Breastfeeding is a unique experience and challenge for every mother, so it is simply impossible to “guide” every mother by generic pages in a book. Read the book and any other sources that you can get your hands on and have time for, but don’t be discouraged if your situation does not match the prototypical situation that the sources discuss. Talk to those that want to see you succeed in your breastfeeding journey and you will find the support and resources you need to succeed.
The Center for Disease Control and Prevention (CDC) monitors statistics to track our country’s progress in reaching certain health goals, including relating to breastfeeding. The CDC recently published its 2018 Breastfeeding Report Card and here are a few statistics that jumped out:
- Among infants born in the United States in 2015, 57.6% were breastfed for at least six (6) months and 35.9% were breastfed for at least one (1) year. Breastfeeding rates in Illinois are below the national average, with only 53% of infants breastfed for six (6) months and only 33.8% being breastfed for at least one (1) year.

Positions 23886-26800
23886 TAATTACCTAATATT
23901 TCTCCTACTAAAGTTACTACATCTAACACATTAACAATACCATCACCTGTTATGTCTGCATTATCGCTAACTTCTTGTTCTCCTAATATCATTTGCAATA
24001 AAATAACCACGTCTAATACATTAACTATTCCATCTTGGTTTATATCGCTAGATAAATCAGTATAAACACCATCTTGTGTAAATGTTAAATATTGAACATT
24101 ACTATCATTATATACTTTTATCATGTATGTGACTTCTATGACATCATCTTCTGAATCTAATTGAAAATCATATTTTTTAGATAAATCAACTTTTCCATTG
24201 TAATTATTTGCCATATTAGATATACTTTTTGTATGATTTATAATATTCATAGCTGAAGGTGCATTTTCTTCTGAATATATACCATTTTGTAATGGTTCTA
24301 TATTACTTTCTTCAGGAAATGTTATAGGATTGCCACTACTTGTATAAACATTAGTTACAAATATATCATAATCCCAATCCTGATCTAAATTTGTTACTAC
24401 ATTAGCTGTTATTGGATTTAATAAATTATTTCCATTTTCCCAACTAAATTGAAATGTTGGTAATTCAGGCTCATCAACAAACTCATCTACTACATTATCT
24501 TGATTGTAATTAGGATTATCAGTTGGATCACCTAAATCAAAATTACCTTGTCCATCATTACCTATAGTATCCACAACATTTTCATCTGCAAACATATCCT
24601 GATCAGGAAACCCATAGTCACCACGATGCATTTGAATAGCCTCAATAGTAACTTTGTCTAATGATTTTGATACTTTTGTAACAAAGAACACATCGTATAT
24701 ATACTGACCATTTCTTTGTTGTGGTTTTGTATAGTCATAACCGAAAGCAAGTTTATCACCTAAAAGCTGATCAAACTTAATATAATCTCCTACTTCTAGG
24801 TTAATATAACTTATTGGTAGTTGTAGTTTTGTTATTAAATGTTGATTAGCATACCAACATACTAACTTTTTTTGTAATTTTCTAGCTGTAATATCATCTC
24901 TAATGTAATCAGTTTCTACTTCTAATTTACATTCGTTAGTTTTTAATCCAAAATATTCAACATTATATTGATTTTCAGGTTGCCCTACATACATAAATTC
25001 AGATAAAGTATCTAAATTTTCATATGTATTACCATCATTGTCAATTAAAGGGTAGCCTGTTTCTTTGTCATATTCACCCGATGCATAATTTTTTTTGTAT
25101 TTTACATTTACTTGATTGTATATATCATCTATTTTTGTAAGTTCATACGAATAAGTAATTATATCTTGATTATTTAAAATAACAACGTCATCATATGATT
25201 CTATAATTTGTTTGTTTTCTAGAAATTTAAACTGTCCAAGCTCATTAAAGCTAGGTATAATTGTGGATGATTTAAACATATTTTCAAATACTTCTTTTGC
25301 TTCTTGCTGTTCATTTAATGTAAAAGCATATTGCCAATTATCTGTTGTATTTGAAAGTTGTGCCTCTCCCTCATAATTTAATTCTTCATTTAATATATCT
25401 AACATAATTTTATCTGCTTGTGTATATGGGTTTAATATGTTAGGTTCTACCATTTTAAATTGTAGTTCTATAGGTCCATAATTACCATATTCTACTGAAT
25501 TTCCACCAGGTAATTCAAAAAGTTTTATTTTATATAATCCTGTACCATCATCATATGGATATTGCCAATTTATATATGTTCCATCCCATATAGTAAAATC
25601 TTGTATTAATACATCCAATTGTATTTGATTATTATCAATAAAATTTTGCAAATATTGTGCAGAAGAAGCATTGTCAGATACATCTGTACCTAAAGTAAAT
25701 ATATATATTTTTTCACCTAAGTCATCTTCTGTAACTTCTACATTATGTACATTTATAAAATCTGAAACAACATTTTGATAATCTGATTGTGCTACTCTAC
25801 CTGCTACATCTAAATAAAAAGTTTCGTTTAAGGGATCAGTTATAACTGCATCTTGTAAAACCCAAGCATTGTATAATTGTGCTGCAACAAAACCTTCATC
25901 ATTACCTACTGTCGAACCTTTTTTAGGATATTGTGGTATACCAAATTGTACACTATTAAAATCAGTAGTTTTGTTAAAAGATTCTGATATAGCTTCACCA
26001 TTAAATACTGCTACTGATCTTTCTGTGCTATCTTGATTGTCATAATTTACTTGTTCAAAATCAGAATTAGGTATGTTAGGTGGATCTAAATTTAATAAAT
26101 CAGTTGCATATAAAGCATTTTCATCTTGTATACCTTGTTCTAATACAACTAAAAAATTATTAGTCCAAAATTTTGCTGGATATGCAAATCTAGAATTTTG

- Despite authorities recommending that infants be breastfeed exclusively for the first six (6) months, less than 50% were exclusively breastfeed for three (3) months and only 25% completed the six (6) month minimum recommended period. According to the Report Card, “These rates suggest that mothers may not be getting the support they need from health care providers, family members, and employers to meet their breastfeeding goals.”
- 26.1% of babies born in the United States in 2018 were born at Baby-Friendly facilities, but the number drops to 22.3% for babies born in Illinois.
- Through 2018, only 49% of employers provide a separate onsite lactation room.
- In encouraging news, 5 of the 8 breastfeeding Healthy People 2020 Objectives have already been satisfied: